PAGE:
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City of Austin v. State of Texas

United States District Court, W.D. Texas, Austin Division

August 31, 2017

CITY OF AUSTIN, Plaintiff,
v.
STATE OF TEXAS and GREG ABBOTT, in his official capacity as TEXAS GOVERNOR, Defendants.

          ORDER

          ROBERT PITMAN UNITED STATES DISTRICT JUDGE

         Before the Court is the motion of Plaintiff, the City of Austin (“City”), for a preliminary injunction, (Dkt. 4). Plaintiff seeks an order from this Court enjoining Defendants, Governor Greg Abbott and the State of Texas, from implementing SB 1004, [1] a bill passed by the Texas Legislature scheduled to take effect on September 1, 2017.

         BACKGROUND

         Earlier this year, the governor signed SB 1004, a new law that imposes certain standards on the permitting process for telecommunications companies seeking to install pieces of equipment called “small cell nodes.” These small cell nodes are of interest to providers of cellular service because they provide the capacity to reliably serve large crowds, and because they will form the basis for the development of a new kind of wireless network-5G. (See Resp. to Mot. Prelim. Inj., Dkt. 9, at 3). Up until now, municipalities have enjoyed the authority to impose fees on applications to install and use small cell nodes and rule on the applications when they see fit (within certain parameters established by the Federal Communications Commission). The City of Austin, for instance, has been charging an application fee of $1, 250 per small cell permit application and an annual rental fee of $1, 500 per year for use of traffic signal poles downtown. (Mot. Prelim. Inj., Dkt. 4, at ¶ 9). Once SB 1004 goes into effect, however, such fees will be capped, and municipalities will be forced to act within a shorter time frame on applications for small cell node permits. In particular, SB 1004 places two temporal restrictions on the application process: a prohibition of “moratoria, ” or periods where a municipality refuses to issue permits, and the imposition of a “shot clock, ” or a specified time period within which an application must be reviewed. (See Mot. Prelim. Inj., Dkt. 4, at ¶¶ 54, 56). To prevent the implementation of SB 1004, scheduled to take effect on September 1, 2017, the City moved for a preliminary injunction. A hearing was held on August 30, 2017.

         LEGAL STANDARD

         A preliminary injunction is an extraordinary remedy. This remedy is to be granted only if a plaintiff demonstrates (1) likelihood of success on the merits; (2) irreparable harm in the absence of preliminary relief; (3) that the balance of equities tips in plaintiff's favor; and (4) that an injunction is in the public interest. Winter v. Nat. Res. Def. Council, Inc., 555 U.S. 7, 20 (2008). The party seeking injunctive relief carries the burden of persuasion for all four requirements. PCI Transp. Inc. v. Fort Worth & W. R.R. Co., 418 F.3d 535, 545 (5th Cir. 2005).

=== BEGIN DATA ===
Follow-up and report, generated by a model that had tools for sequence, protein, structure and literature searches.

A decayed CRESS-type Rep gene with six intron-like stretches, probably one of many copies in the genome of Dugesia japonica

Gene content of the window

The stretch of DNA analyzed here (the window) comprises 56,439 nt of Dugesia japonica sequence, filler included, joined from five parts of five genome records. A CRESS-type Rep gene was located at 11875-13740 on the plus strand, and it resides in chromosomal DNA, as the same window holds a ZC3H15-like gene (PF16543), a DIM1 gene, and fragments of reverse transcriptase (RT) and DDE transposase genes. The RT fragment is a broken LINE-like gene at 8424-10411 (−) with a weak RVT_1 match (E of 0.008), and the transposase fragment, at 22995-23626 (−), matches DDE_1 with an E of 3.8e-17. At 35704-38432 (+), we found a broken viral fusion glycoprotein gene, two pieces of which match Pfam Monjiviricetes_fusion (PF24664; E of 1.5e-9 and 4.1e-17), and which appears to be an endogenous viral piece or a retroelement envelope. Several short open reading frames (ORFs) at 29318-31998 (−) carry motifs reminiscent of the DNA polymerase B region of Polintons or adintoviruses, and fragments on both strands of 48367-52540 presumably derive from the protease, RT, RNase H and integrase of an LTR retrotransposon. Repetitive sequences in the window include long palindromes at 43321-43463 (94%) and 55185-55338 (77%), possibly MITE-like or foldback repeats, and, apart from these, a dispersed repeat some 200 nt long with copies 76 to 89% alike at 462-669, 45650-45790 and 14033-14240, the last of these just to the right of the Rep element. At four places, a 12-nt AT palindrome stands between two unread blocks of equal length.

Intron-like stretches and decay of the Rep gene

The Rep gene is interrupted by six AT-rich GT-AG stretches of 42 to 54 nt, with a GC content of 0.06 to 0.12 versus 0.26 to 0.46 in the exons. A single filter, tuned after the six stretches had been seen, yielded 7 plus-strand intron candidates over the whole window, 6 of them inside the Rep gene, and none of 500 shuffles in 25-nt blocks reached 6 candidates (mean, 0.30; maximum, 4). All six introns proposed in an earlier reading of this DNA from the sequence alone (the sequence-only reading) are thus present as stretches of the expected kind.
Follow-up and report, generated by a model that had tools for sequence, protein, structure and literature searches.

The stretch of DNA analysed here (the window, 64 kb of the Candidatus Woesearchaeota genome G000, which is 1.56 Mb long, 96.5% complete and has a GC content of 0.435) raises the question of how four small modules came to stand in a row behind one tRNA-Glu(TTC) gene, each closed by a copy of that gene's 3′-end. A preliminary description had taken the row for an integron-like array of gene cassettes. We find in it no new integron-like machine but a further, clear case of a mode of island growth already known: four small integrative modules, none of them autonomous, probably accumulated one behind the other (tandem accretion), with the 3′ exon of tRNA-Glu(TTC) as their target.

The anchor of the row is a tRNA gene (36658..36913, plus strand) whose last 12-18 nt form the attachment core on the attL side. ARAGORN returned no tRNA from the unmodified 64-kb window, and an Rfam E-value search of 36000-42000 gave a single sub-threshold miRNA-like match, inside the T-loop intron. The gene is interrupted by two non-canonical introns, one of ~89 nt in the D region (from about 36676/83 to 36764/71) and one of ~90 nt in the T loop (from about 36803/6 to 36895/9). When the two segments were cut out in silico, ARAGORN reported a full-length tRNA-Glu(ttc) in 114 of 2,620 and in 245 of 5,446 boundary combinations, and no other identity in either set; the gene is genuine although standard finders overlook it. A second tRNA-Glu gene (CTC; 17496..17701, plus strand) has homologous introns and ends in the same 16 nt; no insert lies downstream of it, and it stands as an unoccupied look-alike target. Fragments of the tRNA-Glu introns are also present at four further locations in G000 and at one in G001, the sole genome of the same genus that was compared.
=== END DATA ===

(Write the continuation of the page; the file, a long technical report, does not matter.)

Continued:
DISCUSSION

         In the City's opening brief, it put forth two legal bases for enjoining the new law: (1) federal preemption; and (2) that the law effects an unconstitutional taking of private property without just compensation. Because the City did not respond in its Reply brief to Defendants' arguments concerning its takings claim or argue the matter at the hearing, its takings argument is deemed waived with respect to its motion for a preliminary injunction. Therefore, the Court will consider only the City's federal preemption claim, and determine whether this claim entitles the City to the injunction it seeks.

         I. Standing, Sovereign immunity

         As a preliminary matter, the Court addresses Defendants' jurisdictional arguments. Defendants argue that (1) the City lacks standing to bring this suit; (2) the State is immune from suit as a result of sovereign immunity; and (3) Governor Abbott is not a proper defendant. None of these arguments prevents the Court from hearing this case.

         A. Standing

         Article III standing requires (1) an injury in fact; (2) a causal connection between the injury and the conduct complained of; and (3) a likelihood that a favorable decision will redress the injury. Lujan v. Defs. of Wildlife, 504 U.S. 555, 560 (1992). Here, Defendants dispute causation and redressability. However, the City has pleaded facts sufficient to demonstrate that the law's implementation will cause the City to lose revenue, and that an injunction preventing the law from taking effect would redress that injury. (See Mot. Prelim. Inj., at ¶¶ 9, 16).

         B. Sovereign Immunity

         Defendants are correct to point out that “the Constitution does not provide for federal jurisdiction over suits against nonconsenting States.” Kimel v. Florida Bd. of Regents,528 U.S. 62, 73 (2000). Congress may abrogate state sovereign immunity under certain circumstances, but it is not argued here that Congress has done so. Rather, the City relies upon Ex parte Young,209 U.S. 123 (1908), which permits a suit for injunctive relief against a state official charged with enforcing a state law. See Morris v. Livingston,739 F.3d 740 (5th Cir. 2014). Defendants contend that the governor is not a proper official to be named in this lawsuit, and that this case should therefore be dismissed, because neither the State nor the governor can be sued. The City does not dispute Defendants' assertion that the State has sovereign immunity here and ...


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